PublishedMay 16, 1998

CCIA’s Ed Black reacts to break down of Microsoft/Justice talks

(Washington, DC) — Computer & Communications Industry Association (CCIA) President Ed Black is disappointed, but not surprised, that Microsoft has chosen not to make significant changes to its business practices and will likely face sweeping antitrust litigation from the U.S. Justice Department and some 20 individual states.

“It is unfortunate that Microsoft has apparently chosen to continue its pattern of anticompetitive practices and illegal use of monopoly power by pulling away from talks to resolve these issues without a long and tedious legal battle. Specific remedies are REQUIRED because Microsoft has a demonstrated history of not acting in good faith,” Black said.

“We believe that the Justice Department understands how important this case is to consumers, the technology industry and to a broad spectrum of industries who will come to rely on the Internet and electronic commerce.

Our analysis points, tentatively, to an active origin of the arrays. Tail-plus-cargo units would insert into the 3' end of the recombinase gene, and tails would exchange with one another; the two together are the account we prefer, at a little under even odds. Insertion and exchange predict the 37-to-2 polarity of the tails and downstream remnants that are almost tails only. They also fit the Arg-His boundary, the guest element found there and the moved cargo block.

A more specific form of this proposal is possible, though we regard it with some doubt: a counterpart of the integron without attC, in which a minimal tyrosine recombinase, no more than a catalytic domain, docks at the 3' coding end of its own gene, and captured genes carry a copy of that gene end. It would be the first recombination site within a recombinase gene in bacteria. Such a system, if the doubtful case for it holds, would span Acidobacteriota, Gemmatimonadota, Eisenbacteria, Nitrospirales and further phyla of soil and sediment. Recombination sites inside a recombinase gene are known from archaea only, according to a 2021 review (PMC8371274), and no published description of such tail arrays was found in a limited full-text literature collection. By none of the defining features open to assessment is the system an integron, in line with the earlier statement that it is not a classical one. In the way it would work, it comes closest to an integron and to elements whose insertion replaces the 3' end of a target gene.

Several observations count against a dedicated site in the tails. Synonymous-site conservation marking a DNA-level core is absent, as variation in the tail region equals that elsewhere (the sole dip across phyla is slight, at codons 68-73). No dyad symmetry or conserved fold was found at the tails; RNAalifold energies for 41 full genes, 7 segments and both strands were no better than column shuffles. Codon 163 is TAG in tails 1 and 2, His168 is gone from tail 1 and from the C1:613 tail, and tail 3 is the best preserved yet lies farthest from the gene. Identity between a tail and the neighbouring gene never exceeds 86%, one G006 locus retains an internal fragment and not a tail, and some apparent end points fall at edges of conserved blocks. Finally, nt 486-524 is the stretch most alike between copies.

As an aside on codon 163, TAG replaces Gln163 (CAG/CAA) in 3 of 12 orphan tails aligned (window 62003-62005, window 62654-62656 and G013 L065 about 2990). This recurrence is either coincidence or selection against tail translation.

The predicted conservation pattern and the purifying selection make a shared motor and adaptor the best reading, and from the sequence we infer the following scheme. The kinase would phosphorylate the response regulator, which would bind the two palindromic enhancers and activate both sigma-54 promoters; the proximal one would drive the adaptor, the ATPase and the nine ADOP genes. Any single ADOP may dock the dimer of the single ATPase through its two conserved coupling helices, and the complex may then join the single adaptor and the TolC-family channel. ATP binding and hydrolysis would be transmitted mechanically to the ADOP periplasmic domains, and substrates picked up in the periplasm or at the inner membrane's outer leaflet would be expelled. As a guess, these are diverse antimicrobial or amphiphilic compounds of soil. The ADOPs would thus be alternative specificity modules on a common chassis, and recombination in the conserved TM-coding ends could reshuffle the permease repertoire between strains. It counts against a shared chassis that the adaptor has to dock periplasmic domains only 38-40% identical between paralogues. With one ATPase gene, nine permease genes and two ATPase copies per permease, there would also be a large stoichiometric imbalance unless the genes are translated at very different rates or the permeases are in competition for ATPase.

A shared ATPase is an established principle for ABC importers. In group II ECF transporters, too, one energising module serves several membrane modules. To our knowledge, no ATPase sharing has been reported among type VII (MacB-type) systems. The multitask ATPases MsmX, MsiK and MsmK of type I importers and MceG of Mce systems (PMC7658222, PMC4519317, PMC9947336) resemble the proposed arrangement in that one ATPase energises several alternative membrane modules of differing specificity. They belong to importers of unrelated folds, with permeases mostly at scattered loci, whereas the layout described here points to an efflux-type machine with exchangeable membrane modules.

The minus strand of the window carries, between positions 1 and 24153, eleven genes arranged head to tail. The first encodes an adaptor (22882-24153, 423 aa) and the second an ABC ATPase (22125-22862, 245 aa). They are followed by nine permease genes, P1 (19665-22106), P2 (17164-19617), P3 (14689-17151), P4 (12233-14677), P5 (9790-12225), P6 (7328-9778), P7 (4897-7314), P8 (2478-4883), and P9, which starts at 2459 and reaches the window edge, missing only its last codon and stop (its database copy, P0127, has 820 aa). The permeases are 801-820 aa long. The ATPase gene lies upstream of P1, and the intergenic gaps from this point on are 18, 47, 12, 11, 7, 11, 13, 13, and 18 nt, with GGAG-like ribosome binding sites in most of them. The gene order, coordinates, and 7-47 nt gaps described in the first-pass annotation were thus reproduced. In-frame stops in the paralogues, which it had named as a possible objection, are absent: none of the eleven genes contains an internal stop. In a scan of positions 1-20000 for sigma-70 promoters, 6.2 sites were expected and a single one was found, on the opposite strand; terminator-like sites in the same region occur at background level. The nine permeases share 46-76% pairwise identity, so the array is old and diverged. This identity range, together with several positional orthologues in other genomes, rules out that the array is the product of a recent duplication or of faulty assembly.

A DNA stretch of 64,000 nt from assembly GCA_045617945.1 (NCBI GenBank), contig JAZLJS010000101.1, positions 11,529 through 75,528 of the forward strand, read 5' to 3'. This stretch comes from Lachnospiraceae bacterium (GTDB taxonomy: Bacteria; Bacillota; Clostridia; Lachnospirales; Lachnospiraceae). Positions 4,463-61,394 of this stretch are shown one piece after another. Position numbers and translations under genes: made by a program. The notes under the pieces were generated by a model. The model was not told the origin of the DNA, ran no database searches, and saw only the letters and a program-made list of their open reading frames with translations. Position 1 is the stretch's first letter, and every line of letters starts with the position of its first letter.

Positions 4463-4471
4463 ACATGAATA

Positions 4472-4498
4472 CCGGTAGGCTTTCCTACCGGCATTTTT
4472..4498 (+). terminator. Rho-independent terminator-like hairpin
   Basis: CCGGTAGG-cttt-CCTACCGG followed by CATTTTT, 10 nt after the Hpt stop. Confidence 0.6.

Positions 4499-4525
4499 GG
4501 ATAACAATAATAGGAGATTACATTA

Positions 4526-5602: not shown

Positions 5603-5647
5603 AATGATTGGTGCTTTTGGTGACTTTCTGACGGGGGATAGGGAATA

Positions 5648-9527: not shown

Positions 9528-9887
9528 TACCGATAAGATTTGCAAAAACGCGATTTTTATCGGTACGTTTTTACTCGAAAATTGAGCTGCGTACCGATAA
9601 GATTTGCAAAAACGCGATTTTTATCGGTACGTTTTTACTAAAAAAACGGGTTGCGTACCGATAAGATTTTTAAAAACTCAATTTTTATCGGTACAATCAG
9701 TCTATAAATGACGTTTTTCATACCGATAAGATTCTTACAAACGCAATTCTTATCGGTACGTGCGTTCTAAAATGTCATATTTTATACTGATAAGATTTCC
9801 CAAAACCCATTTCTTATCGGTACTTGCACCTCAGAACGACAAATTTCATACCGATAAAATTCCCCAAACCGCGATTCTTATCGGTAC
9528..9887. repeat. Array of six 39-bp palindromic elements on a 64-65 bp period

“There is symbolic importance to the current case. Just a few years ago, an ineffective antitrust settlement over similar anticompetitive charges against Microsoft resulted in arrogant bragging from Microsoft executives and did not alter the company’s abusive practices. The computer and communications industry and consumers cannot afford to settle this time for anything less than Microsoft’s full compliance with antitrust laws and appropriate business behavior,” he continued.

“The government’s decision to prosecute the case against Microsoft demonstrates that it has substantial evidence of wrongdoing and is committed to consumer choice, competition and innovation. Further, the filing of a lawsuit will facilitate the public’s access to relevant information regarding Microsoft’s ruthless use of its monopoly power.

“Now that Justice has strongly demonstrated its resolve, we call upon additional industry representatives to step forward with information related to Microsoft’s anticompetitive business practices.”

CCIA is an association of computer and communications companies. Small, medium and large in size, these companies represent a broad cross-section of the industry including hardware manufacturers, software developers, telecommunications and on-line service providers, re-sellers, system integrators, third-party vendors and other related business ventures. Our member companies employ over a half-million workers and generate annual revenues beyond 200 billion dollars.

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